“Spoiled millennials” and “global regulation” imposed by NGOs stand in the way of agreeing a bilateral US–UK trade deal, Brexit campaigner and climate science denier MEP Daniel Hannan told US think tank the Heritage Foundation this week. Otherwise it would “take only five minutes” to agree and be done in “less than 500 words”, he claimed.
The neocon Heritage Foundation is known for opposing climate action and environmental regulations, and increasingly finds itself at the centre of president-elect Donald Trump’s transition team. It has also long courted top Brexit campaigners.
Speaking at the think tank’s offices in Washington D.C., Hannan, a Conservative Party Member of the European Parliament, told the audience “If it’s good enough on your side of the Atlantic it’s good enough on ours”, adding that “in reality of course the deal is unlikely to be done just by Heritage and me”, drawing laughter from the crowd.
“Our state machines will get their hands into it and they of course will try to make it about everything except trade. They’ll make it about ecological standards, and women’s rights, and child labour, and everything except the free exchange of goods and services, and that’s what opens the door to the corporate capture”, he said.
Negotiating a unique trade deal between the UK and US remains a top priority for Brexit Britain. But the path forward is not clear.
In October, the EU conceded that the EU–US Transatlantic Trade and Investment Partnership (TTIP) will not be passed during Obama’s final months as president.
While there are merits to negotiating trade deals, recent mega-deals like TTIP have sought to reduce “barriers to trade” – in other words, “harmonising” regulations between all parties which raises concerns that there will be a race to the bottom, with important regulations related to health and the environment watered down.
Among the criticisms of TTIP is that it is disconnected from the urgency of climate change and the Paris Agreement, and that it will allow for lax regulations, loopholes, and an easier flow of trade in fossil fuels, particularly shale gas from the US.
But even deals like TTIP were too regulation-heavy according to Hannan:
“The difficulty with trying to get something with so many countries involved is that it became a very slow process that all the NGOs then started getting involved with [it] … we rarely notice the globalization of NGOs, the extent to which they have learned to use these deals to try and impose global regulation, and that was making it fairly difficult for conservatives to support, and a lot of conservatives in this building were open in their hostility, they argued that TTIP was more harm than good.”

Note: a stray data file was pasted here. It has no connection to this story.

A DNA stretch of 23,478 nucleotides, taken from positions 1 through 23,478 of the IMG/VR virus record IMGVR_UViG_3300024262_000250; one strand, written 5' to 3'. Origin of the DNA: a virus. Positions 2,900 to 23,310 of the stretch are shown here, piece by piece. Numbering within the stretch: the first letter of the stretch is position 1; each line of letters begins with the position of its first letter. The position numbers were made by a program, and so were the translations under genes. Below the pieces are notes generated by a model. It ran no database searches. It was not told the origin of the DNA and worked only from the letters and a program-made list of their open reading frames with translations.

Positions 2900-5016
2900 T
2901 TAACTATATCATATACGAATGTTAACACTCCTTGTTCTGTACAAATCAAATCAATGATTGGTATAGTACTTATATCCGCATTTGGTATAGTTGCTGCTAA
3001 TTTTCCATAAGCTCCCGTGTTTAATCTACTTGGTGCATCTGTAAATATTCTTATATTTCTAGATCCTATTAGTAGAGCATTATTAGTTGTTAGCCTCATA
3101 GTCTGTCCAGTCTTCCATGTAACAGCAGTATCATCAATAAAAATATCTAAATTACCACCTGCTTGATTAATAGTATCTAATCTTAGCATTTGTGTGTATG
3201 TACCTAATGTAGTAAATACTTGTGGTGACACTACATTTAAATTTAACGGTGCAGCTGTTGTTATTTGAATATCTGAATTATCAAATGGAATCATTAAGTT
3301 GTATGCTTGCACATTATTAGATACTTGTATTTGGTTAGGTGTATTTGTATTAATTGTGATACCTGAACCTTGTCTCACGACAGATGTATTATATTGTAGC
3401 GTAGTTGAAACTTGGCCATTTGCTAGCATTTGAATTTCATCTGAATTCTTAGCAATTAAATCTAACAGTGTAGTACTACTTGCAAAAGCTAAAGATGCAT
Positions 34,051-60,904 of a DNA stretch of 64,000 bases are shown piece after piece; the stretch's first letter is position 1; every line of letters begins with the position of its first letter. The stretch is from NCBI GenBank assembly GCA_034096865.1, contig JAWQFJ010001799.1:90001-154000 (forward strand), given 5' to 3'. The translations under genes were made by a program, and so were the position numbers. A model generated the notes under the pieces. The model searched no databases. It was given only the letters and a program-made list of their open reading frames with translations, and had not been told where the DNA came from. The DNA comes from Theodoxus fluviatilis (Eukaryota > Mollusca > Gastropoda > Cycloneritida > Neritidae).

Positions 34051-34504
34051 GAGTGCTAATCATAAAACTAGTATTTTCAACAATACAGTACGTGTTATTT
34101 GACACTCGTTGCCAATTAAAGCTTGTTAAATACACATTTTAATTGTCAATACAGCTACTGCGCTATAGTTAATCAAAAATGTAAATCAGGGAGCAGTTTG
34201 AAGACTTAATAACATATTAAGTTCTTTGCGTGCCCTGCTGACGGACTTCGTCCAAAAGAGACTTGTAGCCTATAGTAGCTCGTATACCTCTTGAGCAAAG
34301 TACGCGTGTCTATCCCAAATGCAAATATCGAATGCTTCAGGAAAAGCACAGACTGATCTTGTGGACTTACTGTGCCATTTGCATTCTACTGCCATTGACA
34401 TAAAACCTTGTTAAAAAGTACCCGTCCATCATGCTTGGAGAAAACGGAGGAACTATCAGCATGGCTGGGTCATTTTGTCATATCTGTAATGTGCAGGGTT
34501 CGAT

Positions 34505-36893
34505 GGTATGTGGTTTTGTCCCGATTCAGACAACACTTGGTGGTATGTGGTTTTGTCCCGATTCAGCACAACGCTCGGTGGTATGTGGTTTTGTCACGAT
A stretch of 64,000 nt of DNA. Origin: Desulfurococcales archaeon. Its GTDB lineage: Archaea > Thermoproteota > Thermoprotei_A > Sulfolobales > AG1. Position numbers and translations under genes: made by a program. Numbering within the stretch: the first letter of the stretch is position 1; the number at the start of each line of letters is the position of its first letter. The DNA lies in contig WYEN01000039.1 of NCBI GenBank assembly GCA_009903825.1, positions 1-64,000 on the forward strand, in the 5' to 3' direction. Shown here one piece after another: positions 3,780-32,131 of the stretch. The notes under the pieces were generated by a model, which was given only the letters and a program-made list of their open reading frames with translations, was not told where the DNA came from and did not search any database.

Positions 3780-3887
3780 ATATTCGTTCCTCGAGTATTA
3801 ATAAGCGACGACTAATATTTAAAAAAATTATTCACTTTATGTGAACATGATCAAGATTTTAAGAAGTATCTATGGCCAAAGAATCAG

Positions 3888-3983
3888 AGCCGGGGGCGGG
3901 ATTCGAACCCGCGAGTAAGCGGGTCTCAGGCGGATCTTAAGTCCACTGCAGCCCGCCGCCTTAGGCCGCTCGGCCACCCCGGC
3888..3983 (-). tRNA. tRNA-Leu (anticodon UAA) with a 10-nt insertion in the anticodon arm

And while he admitted that “public opinion is lukewarm when it comes to commercial liberalization”, he argued that the “idealistic people, well-meaning altruistic young people” don’t understand the reality of free trade.
On the outcome of EU referendum, the US election and the implications for trade deals, Hannan said: “There are some crybabies on both sides of the Atlantic who don’t accept the verdict of the people as final … it’s the slightly spoiled millennials, the generation of the safe spaces and micro-agressions … it was entirely in their minds about ‘am I a nice cosmopolitan, outwards-looking person, or am I an evil bigot?’”
However, it is this generation that voted overwhelmingly for Hillary Clinton in November and which will have to endure the impacts of Brexit the longest.
Establishing a ‘simple’ free trade deal is a key issue for think tanks such as the Heritage Foundation, which sits at the nexus between the network of pro-Brexit Climate Deniers operating out of 55 Tufton Street in Westminster and the new Trump administration.
Despite Donald Trump’s campaign rhetoric indicating a more isolationist approach, positions within the president-elect’s transition team are increasingly being filled with those affiliated with the Heritage Foundation.
And that is creating opportunities for UK politicians with an anti-climate action agenda.
As DeSmog UK recently revealed, just weeks after being appointed Britain’s International Trade Secretary in July, Liam Fox met with the Heritage Foundation to discuss a potential trade deal between the two countries during his first trip to the United States.
The Department for International Trade has since refused to answer a question from Labour’s Shadow Trade, Energy, and Climate Secretary, Barry Gardiner, on whether the issue of climate change was discussed during this meeting.
When asked by Gardiner “what steps he [Fox] plans to take to ensure that all future trade and investment deals are consistent with the UK‘s international obligations to tackle climate change?”, the department responded that more information would be provided in the coming months.
It added: “While we remain members of the EU, the UK will participate constructively in EU decision making on trade issues, including on environmental provisions within trade agreements.”
What happens once Britain leaves the EU is less clear.